Now we'll use the RAM and the skills inventory of your existing staff from skills inventory Table to construct a chart like the one in the below table “skills definition by task “to help match skills to people. The first column shows the task or work package detail, followed by the type of skills needed to complete this task, the level of experience necessary, and finally the team member assigned to this task.
Table Skills definition by task
This is another template that you can use or modify to suit your needs. Remember for all these templates to add the General Information section at the top so that the name of the project, date, and so on are associated with the chart.
You may have more than one person who fits the qualifications for each task. If so, list their names in the Potential Team Member box. At this point, you don't know their availability, so if you're requesting Paul to work on the "Determine platform and languages" task and it turns out that Paul is not available, you know that Ross also meets the qualifications for this task. You don't have to backtrack and figure out who else is available since you've defined all the potential candidates here.
Don't forget to list all the resources you'll need for the project on your skills definition chart. The example in above Table focuses on one type of resource, but you'll need resources from other areas of the organization such as finance, procurement (to assist with vendors and contract work), training, marketing, human resources, customer service, and so on.
If you're working on a medium-to-large project, you may want to consider adding a column to this chart that indicates the number of resources you need for each task. A project of this size will likely require five or six programmers with similar skills but varying levels of experience.
You may find that you don't have enough resources in your own department to perform all the tasks. That means you'll have to discuss the availability of resources from other departments with the functional managers in those areas, or hire the resources, or contract the resources for the length of the project. After you've identified the potential team member names, it's time to meet with the functional managers and begin negotiating for the resources you need.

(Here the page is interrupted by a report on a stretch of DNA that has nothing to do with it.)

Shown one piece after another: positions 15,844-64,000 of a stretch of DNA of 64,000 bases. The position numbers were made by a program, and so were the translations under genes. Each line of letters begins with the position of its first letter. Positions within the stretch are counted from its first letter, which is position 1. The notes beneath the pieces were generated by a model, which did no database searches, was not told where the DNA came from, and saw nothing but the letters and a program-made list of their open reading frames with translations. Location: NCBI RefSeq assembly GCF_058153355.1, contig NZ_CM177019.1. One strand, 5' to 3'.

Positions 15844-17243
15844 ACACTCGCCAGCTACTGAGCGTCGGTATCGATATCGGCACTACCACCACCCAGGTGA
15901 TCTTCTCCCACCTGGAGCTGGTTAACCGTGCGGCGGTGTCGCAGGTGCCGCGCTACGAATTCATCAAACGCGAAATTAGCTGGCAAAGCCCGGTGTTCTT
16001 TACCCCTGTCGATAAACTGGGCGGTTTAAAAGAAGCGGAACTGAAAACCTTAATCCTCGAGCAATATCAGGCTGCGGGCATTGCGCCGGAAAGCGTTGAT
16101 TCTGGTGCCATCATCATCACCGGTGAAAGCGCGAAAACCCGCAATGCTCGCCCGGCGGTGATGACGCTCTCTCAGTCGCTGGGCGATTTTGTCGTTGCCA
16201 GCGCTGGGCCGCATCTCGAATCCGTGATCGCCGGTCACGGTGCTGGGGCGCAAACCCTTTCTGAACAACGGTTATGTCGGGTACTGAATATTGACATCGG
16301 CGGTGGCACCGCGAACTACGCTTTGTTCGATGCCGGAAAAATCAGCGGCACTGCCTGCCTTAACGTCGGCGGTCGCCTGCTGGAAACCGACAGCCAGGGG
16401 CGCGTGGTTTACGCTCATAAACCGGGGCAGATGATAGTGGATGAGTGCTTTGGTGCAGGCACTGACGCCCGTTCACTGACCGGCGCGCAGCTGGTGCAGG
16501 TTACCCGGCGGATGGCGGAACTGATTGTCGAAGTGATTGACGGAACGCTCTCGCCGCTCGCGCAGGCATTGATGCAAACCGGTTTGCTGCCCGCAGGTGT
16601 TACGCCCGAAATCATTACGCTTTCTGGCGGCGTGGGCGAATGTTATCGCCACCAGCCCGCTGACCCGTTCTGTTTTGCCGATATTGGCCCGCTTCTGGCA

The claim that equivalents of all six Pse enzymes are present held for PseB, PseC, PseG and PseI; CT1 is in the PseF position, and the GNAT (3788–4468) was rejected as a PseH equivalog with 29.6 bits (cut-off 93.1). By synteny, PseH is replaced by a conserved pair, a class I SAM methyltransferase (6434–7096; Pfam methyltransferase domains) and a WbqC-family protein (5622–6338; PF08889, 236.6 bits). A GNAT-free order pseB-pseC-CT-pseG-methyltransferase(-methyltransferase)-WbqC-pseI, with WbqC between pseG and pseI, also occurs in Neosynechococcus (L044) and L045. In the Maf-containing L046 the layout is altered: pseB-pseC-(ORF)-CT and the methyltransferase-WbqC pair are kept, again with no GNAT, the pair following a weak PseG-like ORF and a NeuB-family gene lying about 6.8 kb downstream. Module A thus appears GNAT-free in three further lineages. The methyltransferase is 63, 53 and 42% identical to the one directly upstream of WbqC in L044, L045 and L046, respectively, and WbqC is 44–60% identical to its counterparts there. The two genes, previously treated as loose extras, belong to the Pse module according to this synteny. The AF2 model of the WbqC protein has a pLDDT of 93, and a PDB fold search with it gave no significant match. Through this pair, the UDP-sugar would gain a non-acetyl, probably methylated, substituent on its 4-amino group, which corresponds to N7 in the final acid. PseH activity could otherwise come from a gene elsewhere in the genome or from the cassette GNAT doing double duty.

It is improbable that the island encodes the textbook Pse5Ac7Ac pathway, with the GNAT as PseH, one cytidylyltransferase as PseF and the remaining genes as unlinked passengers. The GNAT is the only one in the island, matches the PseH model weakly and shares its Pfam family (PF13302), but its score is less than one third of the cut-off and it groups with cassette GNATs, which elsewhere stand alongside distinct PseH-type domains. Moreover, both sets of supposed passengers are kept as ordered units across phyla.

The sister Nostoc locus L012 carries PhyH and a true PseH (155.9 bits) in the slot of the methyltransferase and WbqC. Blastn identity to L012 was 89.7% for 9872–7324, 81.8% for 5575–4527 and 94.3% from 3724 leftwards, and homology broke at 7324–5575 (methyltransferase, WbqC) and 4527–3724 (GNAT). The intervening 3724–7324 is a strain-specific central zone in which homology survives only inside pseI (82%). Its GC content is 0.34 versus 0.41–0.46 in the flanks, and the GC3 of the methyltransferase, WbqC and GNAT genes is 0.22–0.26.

Negotiating for Team Members
Unless you work in a projectized environment and have control over all the resources in the company, which few of us do, you'll have to negotiate with other managers for resources. This can include negotiating for folks from the finance department to help determine and track the budget, for programmers, for customer service personnel, and more. The types of people you will negotiate for depend on the skills you identified in the previous section.
The next step is a visit to the functional managers. I'd send ahead a copy of the project charter for them to review before you meet with them. This gives the manager the opportunity to see what the project is all about, informs them that the executive management team is behind the project, and helps them to begin figuring out who from their department might be the best fit for the project.
Meeting with the Functional Managers
Depending on the culture of your organization, you may need to set up a face-to-face meeting with each manager, or you might be able to send e-mail detailing your request for resources. In either case, you'll want to have completed the WBS and identified the tasks that you need the resources to work on. The functional managers will want to know what types of work you have for their employees and how long you'll need them. That's one place where the activity duration estimates come in handy.
Tip:Come prepared to the meeting with the functional managers. They'll want to know what types of resources are needed, when, and for how long.
Buyer beware! Functional managers may see this as their opportunity to hand off a less-than-ideal employee. You're not interested in inheriting problems; you want folks who are willing and able to do the job. Ask the functional manager specific questions about the people they're recommending for the team, such as the following:
The answers to these questions will help you determine whether the folks they're recommending are the right people for the job. While you aren't always going to get all the star employees, you surely don't want to be stuck with all those "retired on the job" types either.